Came across an interesting article from Fast Company Magazine on “The Brand Called Obama.”


  • The fact that Obama has taken what we thought we knew about politics and turned it into a different game for a different generation is no longer news. What has hardly been examined is the degree to which his success indicates a seismic shift on the business horizon as well. Politics, after all, is about marketing — about projecting and selling an image, stoking aspirations, moving people to identify, evangelize, and consume. The promotion of the brand called Obama is a case study of where the American marketplace — and, potentially, the global one — is moving. His openness to the way consumers today communicate with one another, his recognition of their desire for authentic “products,” and his understanding of the need for a new global image — all are valuable signals for marketers everywhere.
  • “Barack Obama is three things you want in a brand,” says Keith Reinhard, chairman emeritus of DDB Worldwide. “New, different, and attractive. That’s as good as it gets.” Obama has his greatest strength among the young, roughly 18 to 29 years old, that advertisers covet, the cohort known as millennials — who will outnumber the baby boomers by 2010. They are black, white, yellow, and various shades of brown, but what they share — new media, online social networks, a distaste for top-down sales pitches — connects them more than traditional barriers, such as ethnicity, divide them. Read More Here.

It is quite a hefty write-up, so if you don’t have time.. at least take a look at these pointers on “How to Build a Brand Like Obama”

1. Lose Control

Traditional top-down messages don’t often work in an ecosystem, like the Web, where the masses are in charge. Marketers must cede a certain degree of control over their brands. And that can be terrifying. (Remember that “I got a crush on . . . Obama” lip synched YouTube tribute? When people can affect a brand, they become attached to it.)

2. Embrace the Modern Internet

Brack Obama’s campaign has been successful at converting online clicks into real-world currency: rallies in the heartland, videos on YouTube, and most important, donations and votes. features constant updates, videos, photos, ringtones, widgets, and events to give supporters a reason to come back to the site. On, the campaign’s quasi-social network, Obamaniacs can create their own blogs around platform issues, send policy recommendations directly to the campaign, set up their own mini fund-raising site, organize an event, even use a phone-bank widget to get call lists and scripts to tele-canvass from home.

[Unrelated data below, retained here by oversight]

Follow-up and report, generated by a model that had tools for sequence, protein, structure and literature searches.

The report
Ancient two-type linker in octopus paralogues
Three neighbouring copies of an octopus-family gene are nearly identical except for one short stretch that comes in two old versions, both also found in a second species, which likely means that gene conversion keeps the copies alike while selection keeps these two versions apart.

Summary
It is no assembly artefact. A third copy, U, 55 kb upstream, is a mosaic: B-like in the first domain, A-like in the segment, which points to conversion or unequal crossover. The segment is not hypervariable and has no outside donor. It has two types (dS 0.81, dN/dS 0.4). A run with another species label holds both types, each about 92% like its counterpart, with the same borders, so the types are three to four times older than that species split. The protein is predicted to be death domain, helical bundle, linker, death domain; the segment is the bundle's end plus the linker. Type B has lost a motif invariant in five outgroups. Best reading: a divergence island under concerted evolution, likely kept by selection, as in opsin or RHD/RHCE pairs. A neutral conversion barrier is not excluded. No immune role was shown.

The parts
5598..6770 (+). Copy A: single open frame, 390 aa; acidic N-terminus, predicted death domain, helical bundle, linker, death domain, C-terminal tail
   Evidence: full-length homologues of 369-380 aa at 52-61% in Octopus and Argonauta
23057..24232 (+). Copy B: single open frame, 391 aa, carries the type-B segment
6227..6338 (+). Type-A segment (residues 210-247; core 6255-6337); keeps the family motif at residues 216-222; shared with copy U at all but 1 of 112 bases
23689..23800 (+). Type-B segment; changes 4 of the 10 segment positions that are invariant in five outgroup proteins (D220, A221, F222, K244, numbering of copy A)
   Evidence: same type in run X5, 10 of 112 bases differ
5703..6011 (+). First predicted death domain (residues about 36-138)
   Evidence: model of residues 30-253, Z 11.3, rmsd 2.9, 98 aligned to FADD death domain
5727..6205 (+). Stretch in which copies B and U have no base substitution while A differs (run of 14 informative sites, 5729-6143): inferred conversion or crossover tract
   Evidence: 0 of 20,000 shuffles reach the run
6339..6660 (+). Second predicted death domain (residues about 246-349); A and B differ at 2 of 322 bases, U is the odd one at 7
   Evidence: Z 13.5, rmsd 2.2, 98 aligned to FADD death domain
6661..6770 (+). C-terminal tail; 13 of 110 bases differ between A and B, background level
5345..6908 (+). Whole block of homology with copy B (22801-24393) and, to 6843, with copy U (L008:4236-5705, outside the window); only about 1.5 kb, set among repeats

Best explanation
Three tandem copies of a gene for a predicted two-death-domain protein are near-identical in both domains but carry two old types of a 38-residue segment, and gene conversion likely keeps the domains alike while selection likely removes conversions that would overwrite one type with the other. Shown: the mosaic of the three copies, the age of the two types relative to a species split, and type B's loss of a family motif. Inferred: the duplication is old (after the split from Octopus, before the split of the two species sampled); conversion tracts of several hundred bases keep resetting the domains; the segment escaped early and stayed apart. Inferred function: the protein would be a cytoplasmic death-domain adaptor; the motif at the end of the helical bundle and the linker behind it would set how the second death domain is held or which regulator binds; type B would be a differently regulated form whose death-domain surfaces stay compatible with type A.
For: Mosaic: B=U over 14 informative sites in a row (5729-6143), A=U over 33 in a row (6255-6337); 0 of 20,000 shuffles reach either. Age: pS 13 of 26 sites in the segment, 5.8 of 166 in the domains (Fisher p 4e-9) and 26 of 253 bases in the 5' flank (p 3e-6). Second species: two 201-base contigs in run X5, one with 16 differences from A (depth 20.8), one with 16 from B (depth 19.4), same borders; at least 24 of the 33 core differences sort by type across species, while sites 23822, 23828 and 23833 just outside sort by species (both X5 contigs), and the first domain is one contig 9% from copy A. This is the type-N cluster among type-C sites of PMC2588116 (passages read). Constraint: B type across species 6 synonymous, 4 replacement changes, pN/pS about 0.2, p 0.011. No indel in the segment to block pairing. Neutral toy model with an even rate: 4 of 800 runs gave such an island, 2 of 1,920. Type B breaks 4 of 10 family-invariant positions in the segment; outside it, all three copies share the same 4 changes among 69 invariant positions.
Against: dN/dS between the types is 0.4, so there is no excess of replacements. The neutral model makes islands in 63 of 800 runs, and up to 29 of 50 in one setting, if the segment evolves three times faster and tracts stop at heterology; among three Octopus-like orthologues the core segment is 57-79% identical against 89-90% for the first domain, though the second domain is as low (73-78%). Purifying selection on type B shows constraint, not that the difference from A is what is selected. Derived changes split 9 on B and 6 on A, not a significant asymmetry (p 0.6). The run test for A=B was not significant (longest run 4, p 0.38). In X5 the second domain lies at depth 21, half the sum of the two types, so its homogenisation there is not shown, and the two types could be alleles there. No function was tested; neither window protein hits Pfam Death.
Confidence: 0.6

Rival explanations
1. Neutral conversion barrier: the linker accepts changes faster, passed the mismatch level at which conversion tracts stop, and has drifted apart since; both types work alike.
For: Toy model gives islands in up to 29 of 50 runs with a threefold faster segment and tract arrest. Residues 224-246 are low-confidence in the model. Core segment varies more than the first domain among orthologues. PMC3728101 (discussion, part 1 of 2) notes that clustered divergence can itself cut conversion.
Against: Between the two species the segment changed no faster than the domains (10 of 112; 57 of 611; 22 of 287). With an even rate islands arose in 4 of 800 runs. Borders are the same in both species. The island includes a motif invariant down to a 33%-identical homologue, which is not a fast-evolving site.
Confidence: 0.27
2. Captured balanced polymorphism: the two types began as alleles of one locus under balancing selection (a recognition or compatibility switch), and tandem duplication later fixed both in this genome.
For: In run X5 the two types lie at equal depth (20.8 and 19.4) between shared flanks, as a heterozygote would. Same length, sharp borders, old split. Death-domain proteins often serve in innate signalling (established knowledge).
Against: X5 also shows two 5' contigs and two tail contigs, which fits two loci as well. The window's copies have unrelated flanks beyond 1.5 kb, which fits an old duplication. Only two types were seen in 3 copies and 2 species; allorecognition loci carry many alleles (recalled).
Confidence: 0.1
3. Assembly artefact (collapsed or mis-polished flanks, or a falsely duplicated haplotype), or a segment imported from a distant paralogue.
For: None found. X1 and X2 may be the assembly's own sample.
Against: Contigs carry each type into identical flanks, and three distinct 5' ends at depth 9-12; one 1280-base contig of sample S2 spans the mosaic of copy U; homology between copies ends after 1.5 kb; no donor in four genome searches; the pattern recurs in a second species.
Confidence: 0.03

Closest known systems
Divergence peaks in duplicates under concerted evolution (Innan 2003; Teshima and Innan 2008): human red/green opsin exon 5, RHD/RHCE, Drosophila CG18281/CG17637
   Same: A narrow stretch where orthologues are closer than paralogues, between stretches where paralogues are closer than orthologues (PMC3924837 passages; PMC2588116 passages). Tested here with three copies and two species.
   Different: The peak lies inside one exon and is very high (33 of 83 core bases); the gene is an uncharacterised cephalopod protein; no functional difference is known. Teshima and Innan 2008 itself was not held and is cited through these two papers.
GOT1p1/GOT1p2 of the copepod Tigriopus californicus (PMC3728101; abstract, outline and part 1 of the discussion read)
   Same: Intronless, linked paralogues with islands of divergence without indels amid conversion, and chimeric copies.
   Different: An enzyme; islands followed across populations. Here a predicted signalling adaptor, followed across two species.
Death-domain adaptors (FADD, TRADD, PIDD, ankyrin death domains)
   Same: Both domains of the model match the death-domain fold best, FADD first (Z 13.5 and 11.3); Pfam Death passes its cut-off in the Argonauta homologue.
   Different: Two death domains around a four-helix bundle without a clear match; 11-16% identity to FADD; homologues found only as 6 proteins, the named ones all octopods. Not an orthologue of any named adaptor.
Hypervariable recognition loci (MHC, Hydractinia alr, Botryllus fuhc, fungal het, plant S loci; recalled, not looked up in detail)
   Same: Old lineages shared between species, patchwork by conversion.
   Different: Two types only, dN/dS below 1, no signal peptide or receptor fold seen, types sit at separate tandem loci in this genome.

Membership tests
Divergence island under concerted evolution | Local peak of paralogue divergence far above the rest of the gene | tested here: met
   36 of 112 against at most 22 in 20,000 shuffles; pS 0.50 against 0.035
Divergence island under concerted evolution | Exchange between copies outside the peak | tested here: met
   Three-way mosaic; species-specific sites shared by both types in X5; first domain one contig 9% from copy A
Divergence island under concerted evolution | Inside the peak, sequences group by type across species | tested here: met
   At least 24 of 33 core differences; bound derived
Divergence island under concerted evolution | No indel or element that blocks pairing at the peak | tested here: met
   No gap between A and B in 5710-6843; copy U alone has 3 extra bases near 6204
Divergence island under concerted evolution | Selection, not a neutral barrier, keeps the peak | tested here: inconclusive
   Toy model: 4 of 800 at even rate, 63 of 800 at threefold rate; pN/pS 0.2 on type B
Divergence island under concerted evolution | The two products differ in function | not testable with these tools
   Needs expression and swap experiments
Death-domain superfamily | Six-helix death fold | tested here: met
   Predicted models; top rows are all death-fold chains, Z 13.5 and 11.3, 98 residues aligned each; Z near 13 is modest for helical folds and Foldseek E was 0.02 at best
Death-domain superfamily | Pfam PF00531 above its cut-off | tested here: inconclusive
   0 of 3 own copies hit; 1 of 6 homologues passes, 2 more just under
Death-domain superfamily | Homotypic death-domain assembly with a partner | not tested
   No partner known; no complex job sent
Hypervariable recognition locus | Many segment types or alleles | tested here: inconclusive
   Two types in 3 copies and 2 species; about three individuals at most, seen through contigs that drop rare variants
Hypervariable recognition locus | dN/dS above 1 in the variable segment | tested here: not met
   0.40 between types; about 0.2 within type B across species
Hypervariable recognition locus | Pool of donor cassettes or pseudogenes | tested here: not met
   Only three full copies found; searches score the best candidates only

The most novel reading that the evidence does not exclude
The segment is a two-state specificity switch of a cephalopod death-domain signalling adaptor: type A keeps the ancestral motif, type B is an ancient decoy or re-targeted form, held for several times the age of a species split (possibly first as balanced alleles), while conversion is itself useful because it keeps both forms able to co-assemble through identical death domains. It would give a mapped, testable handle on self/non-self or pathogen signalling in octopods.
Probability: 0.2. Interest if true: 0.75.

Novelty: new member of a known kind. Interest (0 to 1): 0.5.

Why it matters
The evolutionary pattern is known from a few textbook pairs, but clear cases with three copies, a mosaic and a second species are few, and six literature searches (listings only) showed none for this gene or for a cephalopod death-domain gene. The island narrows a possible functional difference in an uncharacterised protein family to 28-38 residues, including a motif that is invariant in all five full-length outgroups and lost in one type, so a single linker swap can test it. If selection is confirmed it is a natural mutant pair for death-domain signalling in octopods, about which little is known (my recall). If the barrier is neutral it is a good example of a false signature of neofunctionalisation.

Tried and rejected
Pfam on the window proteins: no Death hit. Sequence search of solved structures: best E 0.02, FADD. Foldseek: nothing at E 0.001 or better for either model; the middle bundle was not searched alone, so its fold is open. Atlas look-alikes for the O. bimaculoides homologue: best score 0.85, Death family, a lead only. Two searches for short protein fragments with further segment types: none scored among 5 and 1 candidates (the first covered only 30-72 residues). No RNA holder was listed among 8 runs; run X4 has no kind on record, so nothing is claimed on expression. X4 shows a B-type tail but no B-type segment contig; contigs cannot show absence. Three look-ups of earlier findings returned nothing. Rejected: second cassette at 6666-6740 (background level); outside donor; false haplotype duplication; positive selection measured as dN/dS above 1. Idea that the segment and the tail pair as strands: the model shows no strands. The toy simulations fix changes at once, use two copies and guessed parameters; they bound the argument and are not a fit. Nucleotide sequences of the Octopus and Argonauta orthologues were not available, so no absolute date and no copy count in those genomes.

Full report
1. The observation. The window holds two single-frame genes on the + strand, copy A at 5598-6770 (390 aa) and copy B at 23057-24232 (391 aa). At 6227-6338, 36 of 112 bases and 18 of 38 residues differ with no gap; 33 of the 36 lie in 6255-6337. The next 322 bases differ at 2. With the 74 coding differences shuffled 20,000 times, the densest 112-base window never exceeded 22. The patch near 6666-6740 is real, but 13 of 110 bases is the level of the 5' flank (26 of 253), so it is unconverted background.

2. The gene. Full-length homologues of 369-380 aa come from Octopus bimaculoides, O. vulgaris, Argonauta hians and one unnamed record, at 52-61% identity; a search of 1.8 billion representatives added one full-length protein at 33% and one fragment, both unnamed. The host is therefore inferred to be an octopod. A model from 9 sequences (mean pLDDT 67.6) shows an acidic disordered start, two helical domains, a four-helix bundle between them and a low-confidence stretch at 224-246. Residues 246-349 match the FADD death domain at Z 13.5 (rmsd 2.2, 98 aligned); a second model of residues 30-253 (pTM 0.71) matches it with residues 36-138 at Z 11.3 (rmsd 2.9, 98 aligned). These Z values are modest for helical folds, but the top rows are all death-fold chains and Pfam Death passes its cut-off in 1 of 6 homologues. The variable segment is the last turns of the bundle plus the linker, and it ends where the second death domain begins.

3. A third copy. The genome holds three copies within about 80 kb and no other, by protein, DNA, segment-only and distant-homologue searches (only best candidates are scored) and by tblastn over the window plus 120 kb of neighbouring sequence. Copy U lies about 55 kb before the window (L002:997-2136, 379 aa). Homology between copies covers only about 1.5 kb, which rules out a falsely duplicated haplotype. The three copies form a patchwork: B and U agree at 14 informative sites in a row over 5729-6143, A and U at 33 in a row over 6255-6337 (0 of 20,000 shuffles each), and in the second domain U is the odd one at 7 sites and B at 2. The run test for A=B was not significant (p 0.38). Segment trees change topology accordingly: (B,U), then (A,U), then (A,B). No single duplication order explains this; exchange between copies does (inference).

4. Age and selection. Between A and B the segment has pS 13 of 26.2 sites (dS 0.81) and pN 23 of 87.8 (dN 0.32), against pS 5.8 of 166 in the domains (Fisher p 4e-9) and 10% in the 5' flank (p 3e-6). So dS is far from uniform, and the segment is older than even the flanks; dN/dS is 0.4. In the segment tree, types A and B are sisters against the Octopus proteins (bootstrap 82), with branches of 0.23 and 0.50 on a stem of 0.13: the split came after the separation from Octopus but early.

3. Cast a Wide Social Net

The Obama crew also tapped into other online communities. A member of, one of Community Connect Inc’s suite of niche demographic Web sites (including,,, and excerpted a portion of a Vibe magazine profile of Obama. A flurry of discussion drove traffic to, drawing the attention of Scott Goodstein, who runs the campaign’s external Web strategy. An exec at CCI invited all the candidates to create profiles for each of the company’s targeted communities. Only the Obama people created credible presences, updating them everyday or so.. It worked. The Obama profile on Black-Planet has more than 450,000 “friends.”

4. Let Fans Be Real

Obama’s campaign also took advantage of messages created by others. The “Yes We Can” mashup by the Black Eyed Peas’, starring a handful of his famous friends, cost the campaign nothing and became a viral hit. By comparison, a Clinton mockumentary called “Hillary’s Leaving the Band” — young rockers, clearly actors, lament the loss of their favorite guitar player — fell flat. It seemed ad-agency slick and forced. And if it doesn’t resonate in the offline world, it won’t resonate in the online world. The Web has created authoritative consumers empowered by the Web and they can smell a fake.

5. Be Open (But Not Totally)

“OPEN brand,” an acronym for on-demand, personal, engaging, and networks, is a framework for companies to think about distributing brand messages in new ways. Being an OPEN brand can be daunting, but you don’t have to cede all control, just some. Obama has been made available to the press in strictly controlled doses. And while the Web site may have set the bar high in terms of openness, the campaign still keeps an eye on the imagery and messaging associated with the movement. Obama’s e-mails urging supporters to take action — “Tell the superdelegates what’s on your mind,” a recent blast implored — are often signed simply “Barack,” implying intimacy without risking exposure.

6. Lead, Don’t Boss Around

Obama is seen as a leader rather than a boss. He gets people to do things on their own, through inspiration, respect, and trust — rather than doing it because it’s part of a contract. Having a vision and inspiring or instructing others to follow that vision have long been hallmarks of business and politics. But Obama epitomizes a new way of thinking called “adaptive leadership.” While a visionary puts forth a specific plan to be implemented, an adaptive leader works with constituents to devise one together. Obama has tapped into this adaptive-leadership vein by inviting voters in with his “Yes we can” slogan.

. . don’t burn the day. .